Growing smartphone and tablet sales mean a major boost for app downloads in 2013, which are forecast to top 102 billion by the year's end. That dwarf's 2012's 64 billion downloads, thanks in large part to the Apple and Google stores, according to data from Gartner. The research firm's numbers suggest that free applications account for more than 90 per cent of 2013 downloads. In-app purchases, which will drive 17 per cent of store revenue this year, will increase to 48 per cent in 2017, but eventually slow down in later years.
Two NHS websites have been hacked and defaced by Haxor Hussy (H4x0r HuSsY), a member of the Pakistan based Madleets group. The affected websites were both small subdomains for hospital library services in the south west of England. One site is designed to enable book lending between south west, Wessex and Thames Valley hospitals. The other is for users to get information about health education books available in libraries across the south west region. "Struck by H4x0r HuSsY. Security breached by Madleets," the hacker wrote on the websites. Both have now been restored. The websites are built using WordPress and it appears that the hacker exploited a vulnerability in the system in order to breach them, The Hackers Post reports.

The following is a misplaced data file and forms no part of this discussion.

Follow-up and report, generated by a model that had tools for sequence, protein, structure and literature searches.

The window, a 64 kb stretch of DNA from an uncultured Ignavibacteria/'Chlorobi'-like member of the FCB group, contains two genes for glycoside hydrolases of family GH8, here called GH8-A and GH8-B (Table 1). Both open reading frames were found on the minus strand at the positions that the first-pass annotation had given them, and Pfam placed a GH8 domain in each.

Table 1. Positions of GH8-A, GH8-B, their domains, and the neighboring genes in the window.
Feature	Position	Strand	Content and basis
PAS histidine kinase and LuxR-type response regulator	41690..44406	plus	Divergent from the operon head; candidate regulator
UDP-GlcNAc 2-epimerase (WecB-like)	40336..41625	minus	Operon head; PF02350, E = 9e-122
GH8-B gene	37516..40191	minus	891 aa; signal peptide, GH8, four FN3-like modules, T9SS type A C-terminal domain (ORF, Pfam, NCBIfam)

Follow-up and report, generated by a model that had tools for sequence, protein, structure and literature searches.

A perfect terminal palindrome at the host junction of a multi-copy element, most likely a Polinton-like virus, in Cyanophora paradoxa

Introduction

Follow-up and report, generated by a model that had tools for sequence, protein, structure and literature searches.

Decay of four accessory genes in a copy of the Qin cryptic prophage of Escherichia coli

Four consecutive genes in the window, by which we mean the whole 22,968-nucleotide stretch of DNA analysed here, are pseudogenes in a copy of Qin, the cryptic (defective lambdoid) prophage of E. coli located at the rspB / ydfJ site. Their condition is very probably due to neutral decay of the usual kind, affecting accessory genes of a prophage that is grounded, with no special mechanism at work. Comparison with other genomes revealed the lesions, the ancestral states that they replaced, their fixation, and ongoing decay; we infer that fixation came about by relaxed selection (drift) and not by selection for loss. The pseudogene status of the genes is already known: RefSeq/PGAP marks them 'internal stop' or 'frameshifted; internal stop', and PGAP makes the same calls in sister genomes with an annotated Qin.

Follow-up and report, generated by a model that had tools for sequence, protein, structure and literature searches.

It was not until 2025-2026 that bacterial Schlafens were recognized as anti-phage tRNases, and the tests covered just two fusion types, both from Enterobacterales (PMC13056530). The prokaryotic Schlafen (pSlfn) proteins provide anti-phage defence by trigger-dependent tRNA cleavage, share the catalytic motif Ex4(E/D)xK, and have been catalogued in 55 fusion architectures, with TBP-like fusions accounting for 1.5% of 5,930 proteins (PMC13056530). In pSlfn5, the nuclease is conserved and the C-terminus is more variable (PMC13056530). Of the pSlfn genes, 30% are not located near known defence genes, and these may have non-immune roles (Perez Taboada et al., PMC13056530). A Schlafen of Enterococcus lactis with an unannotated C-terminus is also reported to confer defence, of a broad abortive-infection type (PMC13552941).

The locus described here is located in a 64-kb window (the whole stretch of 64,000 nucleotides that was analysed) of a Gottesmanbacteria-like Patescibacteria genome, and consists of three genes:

Though Microsoft will offer Windows 8.1 as a free upgrade for existing Windows 8 users next month, the Redmond-based company this week provided details on how much it will cost to upgrade to 8.1 from an older version of Windows. In the US, consumers will be able to download Windows 8.1 via Windows.com or purchase it in store as a packaged DVD. The standard Windows 8.1 will cost $119.99 (£75), while Windows 8.1 Pro will set you back $199.99 (£125), which is similar to the current pricing structure for Windows 8. Windows 8.1 is scheduled to start hitting the shelves on 17 October. If you can't wait another month for some reason, you could purchase Windows 8 now and then upgrade to 8.1 for free when it is released.
Apple has assured iOS 7 users that it will fix a problem with the lock screen that leaves various apps vulnerable to manipulation by anyone with access to the device. The lock screen problem allows anyone that has direct contact with the device to easily gain unfettered access to various social media accounts by sharing photos from the photo album. The hack works on the iPhone 4S, 5, 5C, and 5S, as well as the newest version of the iPad. Soon after the problem was discovered, Apple told Forbes that it is "aware of this issue" before stating that they'll "deliver a fix in a future software update" before adding that it "takes security very seriously."